A 12-Year-Old Coder Made Almost $400,000 With Pixelated Whale Art - An Introduction To NFTs
Recently, a 12-year old coder named Benyamin Ahmed made around $400,000 through pixelated whale art NFTs.
What started off as an art and coding project soon turned into a business that even Benyamin wouldn’t have imagined in a million years. In recent interviews, Benyamin said that he loves Minecraft, and this project was to make pixelated art that would be similar to the popular game. He did not expect people to start purchasing and trading his art in large quantities.
Benyamin says that his parents are thrilled at his early success, and he intends to continue making more pixelated art NFTs, not for the money but for his passion for coding and Minecraft themed art.
As a young coder yourself, or a parent to one, you might be wondering what NFTs are. How do they work? And how did a 12-year old earn almost half a million dollars with it? Here’s a basic rundown of what NFTs are, and how it’s affected the world so far.
What is a NFT?
NFT stands for non-fungible token and is widely considered to be the future of online transactions. To put it lightly, it can be seen as a digital form of art that is linked to a blockchain and traded for money. It’s like art collecting and trading, except purely digital. In fact, many people liken it to trading baseball cards.
How do NFTs work?
The key to how this works is fungibility. Basically, when we describe something as fungible, what we mean is that you can readily replace it with something equivalent and that's fine for everyone concerned. Take a dollar bill, for example. We say it's fungible because if someone rips up a dollar bill in your wallet, they can replace it with another dollar bill and you're no worse or better off: both of those dollar bills spend the same.
Similarly, one share of Apple stock is worth the same as any other share of Apple stock. It doesn't really matter which one you have, because from the perspective of being able to get value from it, number 346 is the same as number 4,134. One 1kg lump of pure gold is functionally the same as another 1kg lump of pure gold, if you're using it as a store of value.
Fungible items are designed to be equivalent and interchangeable.
However, now imagine if that dollar had a sentimental value to you. Either it was a gift from your late grandparents, or a keepsake from your first job, the dollar bill you loved the most. If someone rips up that bill, then replacing it with another dollar just isn't going to cut it. It's no longer a fungible item.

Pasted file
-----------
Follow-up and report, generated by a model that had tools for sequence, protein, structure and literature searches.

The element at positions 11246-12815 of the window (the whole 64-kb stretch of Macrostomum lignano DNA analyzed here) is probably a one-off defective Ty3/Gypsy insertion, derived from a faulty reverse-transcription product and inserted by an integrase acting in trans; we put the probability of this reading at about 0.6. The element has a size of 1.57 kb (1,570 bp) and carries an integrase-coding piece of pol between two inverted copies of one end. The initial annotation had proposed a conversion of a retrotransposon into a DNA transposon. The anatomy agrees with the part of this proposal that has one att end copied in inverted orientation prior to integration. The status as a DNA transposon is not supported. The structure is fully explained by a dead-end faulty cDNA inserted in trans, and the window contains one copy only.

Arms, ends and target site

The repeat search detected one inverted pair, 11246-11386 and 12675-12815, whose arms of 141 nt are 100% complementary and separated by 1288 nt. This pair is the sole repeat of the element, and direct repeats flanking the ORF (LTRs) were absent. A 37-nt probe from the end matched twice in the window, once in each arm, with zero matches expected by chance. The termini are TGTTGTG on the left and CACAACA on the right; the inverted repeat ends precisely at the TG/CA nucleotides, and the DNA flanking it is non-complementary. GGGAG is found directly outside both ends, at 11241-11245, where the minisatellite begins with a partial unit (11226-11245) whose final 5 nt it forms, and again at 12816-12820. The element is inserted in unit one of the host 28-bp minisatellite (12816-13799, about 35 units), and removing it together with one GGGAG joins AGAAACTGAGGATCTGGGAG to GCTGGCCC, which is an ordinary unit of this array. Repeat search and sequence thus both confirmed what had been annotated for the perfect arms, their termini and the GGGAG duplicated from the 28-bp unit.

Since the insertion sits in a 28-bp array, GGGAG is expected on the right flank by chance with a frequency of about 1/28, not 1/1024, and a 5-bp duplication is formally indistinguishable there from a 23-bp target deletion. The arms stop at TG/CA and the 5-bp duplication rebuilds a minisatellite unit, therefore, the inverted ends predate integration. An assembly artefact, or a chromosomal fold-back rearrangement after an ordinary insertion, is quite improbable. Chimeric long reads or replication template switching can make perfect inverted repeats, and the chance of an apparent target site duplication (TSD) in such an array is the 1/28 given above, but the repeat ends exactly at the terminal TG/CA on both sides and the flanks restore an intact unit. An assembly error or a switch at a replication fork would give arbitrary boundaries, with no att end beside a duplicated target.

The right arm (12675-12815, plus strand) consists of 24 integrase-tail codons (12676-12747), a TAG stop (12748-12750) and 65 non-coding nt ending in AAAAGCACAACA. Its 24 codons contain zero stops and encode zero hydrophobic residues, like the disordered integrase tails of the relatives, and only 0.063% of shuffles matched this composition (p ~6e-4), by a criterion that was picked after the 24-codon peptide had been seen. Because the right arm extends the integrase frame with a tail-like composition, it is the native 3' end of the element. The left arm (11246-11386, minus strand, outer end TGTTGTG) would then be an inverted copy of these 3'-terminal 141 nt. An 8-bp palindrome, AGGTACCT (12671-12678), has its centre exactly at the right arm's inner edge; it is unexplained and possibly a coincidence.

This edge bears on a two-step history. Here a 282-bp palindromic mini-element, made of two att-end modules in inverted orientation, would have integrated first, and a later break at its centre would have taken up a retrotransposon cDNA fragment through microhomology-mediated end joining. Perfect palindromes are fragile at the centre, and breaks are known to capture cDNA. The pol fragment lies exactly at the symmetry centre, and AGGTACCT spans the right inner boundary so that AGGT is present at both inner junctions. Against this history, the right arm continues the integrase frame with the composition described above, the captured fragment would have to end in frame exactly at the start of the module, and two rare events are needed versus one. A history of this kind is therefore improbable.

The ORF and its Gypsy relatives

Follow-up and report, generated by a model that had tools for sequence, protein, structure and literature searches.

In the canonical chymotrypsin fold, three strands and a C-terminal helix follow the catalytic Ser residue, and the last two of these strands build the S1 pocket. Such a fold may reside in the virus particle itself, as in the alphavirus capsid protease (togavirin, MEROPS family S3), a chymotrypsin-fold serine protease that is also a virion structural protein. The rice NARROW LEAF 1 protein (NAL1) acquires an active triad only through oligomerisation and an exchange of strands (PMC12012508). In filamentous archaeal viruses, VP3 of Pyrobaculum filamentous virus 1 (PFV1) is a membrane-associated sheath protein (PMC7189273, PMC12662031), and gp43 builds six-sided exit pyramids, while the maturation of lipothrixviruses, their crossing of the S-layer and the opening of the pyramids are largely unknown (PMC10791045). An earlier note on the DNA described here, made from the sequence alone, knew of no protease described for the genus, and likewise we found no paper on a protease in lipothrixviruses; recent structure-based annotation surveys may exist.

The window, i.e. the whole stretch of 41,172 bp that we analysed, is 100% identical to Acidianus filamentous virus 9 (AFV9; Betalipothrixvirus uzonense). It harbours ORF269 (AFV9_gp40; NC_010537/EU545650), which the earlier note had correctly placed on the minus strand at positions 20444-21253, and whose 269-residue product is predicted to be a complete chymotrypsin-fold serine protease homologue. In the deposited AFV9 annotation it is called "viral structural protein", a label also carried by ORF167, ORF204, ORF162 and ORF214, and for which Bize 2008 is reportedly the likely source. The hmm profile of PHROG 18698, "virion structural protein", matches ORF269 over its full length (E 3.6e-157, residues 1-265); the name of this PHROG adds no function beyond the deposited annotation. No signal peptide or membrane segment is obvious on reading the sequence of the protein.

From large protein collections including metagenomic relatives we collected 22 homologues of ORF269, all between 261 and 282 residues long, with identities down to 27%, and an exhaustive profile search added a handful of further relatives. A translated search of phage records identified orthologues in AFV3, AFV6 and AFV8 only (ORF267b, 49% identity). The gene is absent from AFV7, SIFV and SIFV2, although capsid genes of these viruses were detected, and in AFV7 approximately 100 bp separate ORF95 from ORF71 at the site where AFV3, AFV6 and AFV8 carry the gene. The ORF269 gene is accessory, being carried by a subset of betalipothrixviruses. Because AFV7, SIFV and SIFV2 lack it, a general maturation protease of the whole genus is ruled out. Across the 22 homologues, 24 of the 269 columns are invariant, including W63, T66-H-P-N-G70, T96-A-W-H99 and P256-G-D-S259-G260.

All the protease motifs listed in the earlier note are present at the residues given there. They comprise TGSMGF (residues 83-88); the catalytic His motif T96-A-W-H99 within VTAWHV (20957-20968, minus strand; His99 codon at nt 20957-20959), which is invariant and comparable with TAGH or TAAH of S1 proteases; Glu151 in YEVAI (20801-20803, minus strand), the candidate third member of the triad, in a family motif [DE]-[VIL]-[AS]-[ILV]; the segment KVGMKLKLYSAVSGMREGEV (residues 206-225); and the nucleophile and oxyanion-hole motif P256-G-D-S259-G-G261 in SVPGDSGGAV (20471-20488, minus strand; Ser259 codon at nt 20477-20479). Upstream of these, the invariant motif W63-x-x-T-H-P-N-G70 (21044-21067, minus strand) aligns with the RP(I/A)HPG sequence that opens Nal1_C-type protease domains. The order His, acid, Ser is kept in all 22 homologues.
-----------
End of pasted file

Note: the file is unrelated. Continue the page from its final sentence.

So now imagine something like a book. You can have a fungible copy of a book, it is usually fungible because it is interchangeable. However, you can also have non-fungible copies of a book, for example, a first edition with a limited cover and a signed bookplate from the author. Once those are all sold, you're out of luck if you want to get one. They're just not making any more.
This has been a big selling point for physical media for decades, with collectors and people willing to pay extra for special edition items. This is why many art pieces sell for millions of dollars to collectors. They are not just paying for the painting, but the exclusive rights to its history. As it can be considered the only one in existence, the price must reflect it as so.
In Benyamin’s case, every whale art he created is unique to himself. That means for each piece of art, there is only one in the market. As Benyamin created hundreds of unique whales as part of his pixelated whale collection, investors started to buy pieces of his artwork.
How can a digital piece of art be the same rarity as old-timey paintings?
You might be wondering how this works with the shift towards electronic media, such as digital art and ebooks?
After all, the whole point of digital media is that, in theory, it's infinitely reproducible. For example, my copy of an ebook is quite literally an identical copy of your copy, right down to the words and letters. You can't really have a collector's edition of an ebook, right? How do you have something special, given the technology that allows you to create an exact copy in the time it takes you to press Ctrl+V?
This is where blockchain technology comes in.
Remember how, with cryptocurrencies like BitCoin and Ethereum, the whole point is that you can use what's basically a giant list to keep track of where the money is, and who owns what? You can use that same technology to ensure that you own a 'limited edition' version of a creative work that, because it's digital, would otherwise be infinitely reproducible.
Just like the person with the limited-run edition of their favourite novel on their bookshelf, or an original painting by their favourite artist, you have a token that says (effectively) 'I bought one of only 50 limited edition versions of this piece, and no matter how many times the piece itself is copied, there will only ever be 50 of these tokens. As a result, it is special.'
For some people, it's for bragging rights. For some people, it's to support their favourite creators by buying a 'premium' version that's unique to them (or certainly more unique). For other people, it's an investment; as with any good where only a limited number exist, they may expect it to increase in value over time, so it can be sold on.
In short, it's a way of applying some of the limited edition value of physical objects to the digital marketplace by creating an artificial scarcity.
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